- Dr. Silk used a new analogy – a men’s suit – to illustrate the difference between system vs. component regulation and the necessary pre-defined integration plans. There is flexibility in combining different suit components (e.g., jacket, pants, shoes), as long as rules are laid out and followed in terms of how the components can be combined. For instance, to match with this pair of pants, a suit jacket has to be blue or black and it cannot have elbow stripes, and the shoes must be black, etc. In this framework, only compatible components that meet certain pre-defined criteria can be mixed-and-matched into a complete suit. Component-based regulation also requires clearly defined separation of responsibilities. When different companies are involved in an interoperable system (e.g., Dexcom, Tandem), there must be processes in place when someone calls with a problem about the system. “If someone calls with a complaint about the outfit, and you are the pants maker, is it that the pants are baggy? Is the jacket cut too high?” We thought this analogy worked really well, illustrating that business relationships and clearly defined integration plans will be critical in the interoperable AID world – it won’t be true mix-and-match like we see in consumer electronics. Still, the regulatory and product innovation advantages are going to be huge, and we imagine most pump and CGM companies will move to this model over time (given the speed and component-update advantages).
“We’re 2/3 of the way there... the third part that is absent is the controller. We do think that a class II, 510(k) pathway with Special Controls may be a way to get to regulation of the software controller as a medical device. We are looking for input on this and would like to tap into your collective wisdom. Do you have thoughts on what the Special Controls would look like?” To us, an iController designation seems like a matter of when, rather than if. Who will be first? We also wonder what the Special Controls will be on a class II, 510(k)-regulated AID control algorithm – it is arguably more nuanced than iCGM accuracy benchmarks or ACE pump communication. What parameters will an algorithm have to meet? Will iControllers only be approved to work with iCGMs and ACE Pumps? Will minimum CGM accuracy be required? What algorithm parameters will have to be specified, especially if the algorithm is complicated or a “learning” algorithm that adapts? When will a clinical trial be required for an iController? What sort of algorithm updates would require a new trial vs. a label update and communication plan? What algorithm updates would be FDA reviewed?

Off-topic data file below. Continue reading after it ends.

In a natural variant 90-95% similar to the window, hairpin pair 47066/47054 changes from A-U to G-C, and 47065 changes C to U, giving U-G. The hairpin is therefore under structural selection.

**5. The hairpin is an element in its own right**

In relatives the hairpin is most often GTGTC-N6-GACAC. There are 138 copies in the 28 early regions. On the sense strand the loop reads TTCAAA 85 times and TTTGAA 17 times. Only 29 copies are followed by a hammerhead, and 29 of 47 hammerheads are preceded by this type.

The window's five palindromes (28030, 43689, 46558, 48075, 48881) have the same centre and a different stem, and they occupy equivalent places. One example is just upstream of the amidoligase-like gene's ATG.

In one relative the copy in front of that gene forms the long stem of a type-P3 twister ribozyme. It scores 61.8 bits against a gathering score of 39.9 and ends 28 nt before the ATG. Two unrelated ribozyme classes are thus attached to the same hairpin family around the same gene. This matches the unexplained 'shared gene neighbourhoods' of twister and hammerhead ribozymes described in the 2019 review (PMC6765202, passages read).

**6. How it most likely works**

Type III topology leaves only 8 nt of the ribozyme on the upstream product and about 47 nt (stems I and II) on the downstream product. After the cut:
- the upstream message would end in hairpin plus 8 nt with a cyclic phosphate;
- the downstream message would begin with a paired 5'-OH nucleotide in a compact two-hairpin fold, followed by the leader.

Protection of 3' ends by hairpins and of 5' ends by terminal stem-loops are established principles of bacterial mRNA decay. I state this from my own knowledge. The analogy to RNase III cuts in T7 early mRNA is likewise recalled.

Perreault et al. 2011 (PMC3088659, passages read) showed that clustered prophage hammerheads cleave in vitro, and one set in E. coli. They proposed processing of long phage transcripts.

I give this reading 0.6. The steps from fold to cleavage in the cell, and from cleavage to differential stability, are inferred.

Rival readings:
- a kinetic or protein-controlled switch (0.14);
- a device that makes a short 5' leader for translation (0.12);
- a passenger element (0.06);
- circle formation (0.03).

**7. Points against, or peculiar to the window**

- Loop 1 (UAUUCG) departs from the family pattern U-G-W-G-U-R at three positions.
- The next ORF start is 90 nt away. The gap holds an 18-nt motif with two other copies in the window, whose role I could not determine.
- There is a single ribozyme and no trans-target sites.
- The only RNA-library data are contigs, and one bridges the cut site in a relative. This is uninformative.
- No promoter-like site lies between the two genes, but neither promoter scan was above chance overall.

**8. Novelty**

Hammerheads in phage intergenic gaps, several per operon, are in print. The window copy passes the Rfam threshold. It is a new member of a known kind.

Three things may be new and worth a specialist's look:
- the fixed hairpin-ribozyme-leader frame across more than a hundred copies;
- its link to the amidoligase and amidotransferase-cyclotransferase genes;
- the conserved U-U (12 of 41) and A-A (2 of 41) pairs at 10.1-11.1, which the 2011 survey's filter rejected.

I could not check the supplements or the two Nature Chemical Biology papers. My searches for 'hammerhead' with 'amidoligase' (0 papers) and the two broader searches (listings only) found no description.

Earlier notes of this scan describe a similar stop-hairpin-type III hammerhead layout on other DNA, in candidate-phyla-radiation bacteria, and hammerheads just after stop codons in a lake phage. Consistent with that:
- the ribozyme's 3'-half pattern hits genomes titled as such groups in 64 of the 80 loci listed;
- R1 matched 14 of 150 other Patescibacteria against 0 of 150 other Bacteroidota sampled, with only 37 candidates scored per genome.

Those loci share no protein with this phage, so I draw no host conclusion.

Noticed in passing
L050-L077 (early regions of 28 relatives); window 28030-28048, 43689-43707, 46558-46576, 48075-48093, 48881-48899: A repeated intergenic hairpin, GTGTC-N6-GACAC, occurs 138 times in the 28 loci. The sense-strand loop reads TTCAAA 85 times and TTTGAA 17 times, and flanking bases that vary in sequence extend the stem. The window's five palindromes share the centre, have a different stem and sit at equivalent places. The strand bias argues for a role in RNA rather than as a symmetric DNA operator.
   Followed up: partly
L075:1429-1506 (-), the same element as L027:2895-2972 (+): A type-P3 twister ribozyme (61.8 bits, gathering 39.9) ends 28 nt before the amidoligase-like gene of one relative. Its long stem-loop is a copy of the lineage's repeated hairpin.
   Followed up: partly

Background: Tidepool Loop – Howard Look at FFL, July 2019
Howard Look shared the inspiring Tidepool story and provided an update on Tidepool Loop following the eventful ADA. Download his slides here. As they usually do, Tidepool kept expectations realistic about their hopes for the timing of the Tidepool Loop FDA submission. When asked, Mr. Look said, “We never want to be the company that contributes to mis-set expectations (like ‘a cure in five years’), so we want to keep expectations low. We hope it's measured in months, not years. We let the FDA know that we set an aggressive target of trying to have a submission prepared before the end of the (calendar) year (2019), but there’s a lot that's out of our control, so that's just an estimate. We promise to keep the community up to speed as things proceed.” This reflects fast progress since the October 2018 announcement to build a regulated version of the DIY iOS app, of Insulet joining in November, the Jaeb observational study kicking off in January, and partners Dexcom and Medtronic joining in June. Tidepool meets with the FDA frequently and is currently working on the submission path – will it receive an iController designation?
--by Adam Brown and Kelly Close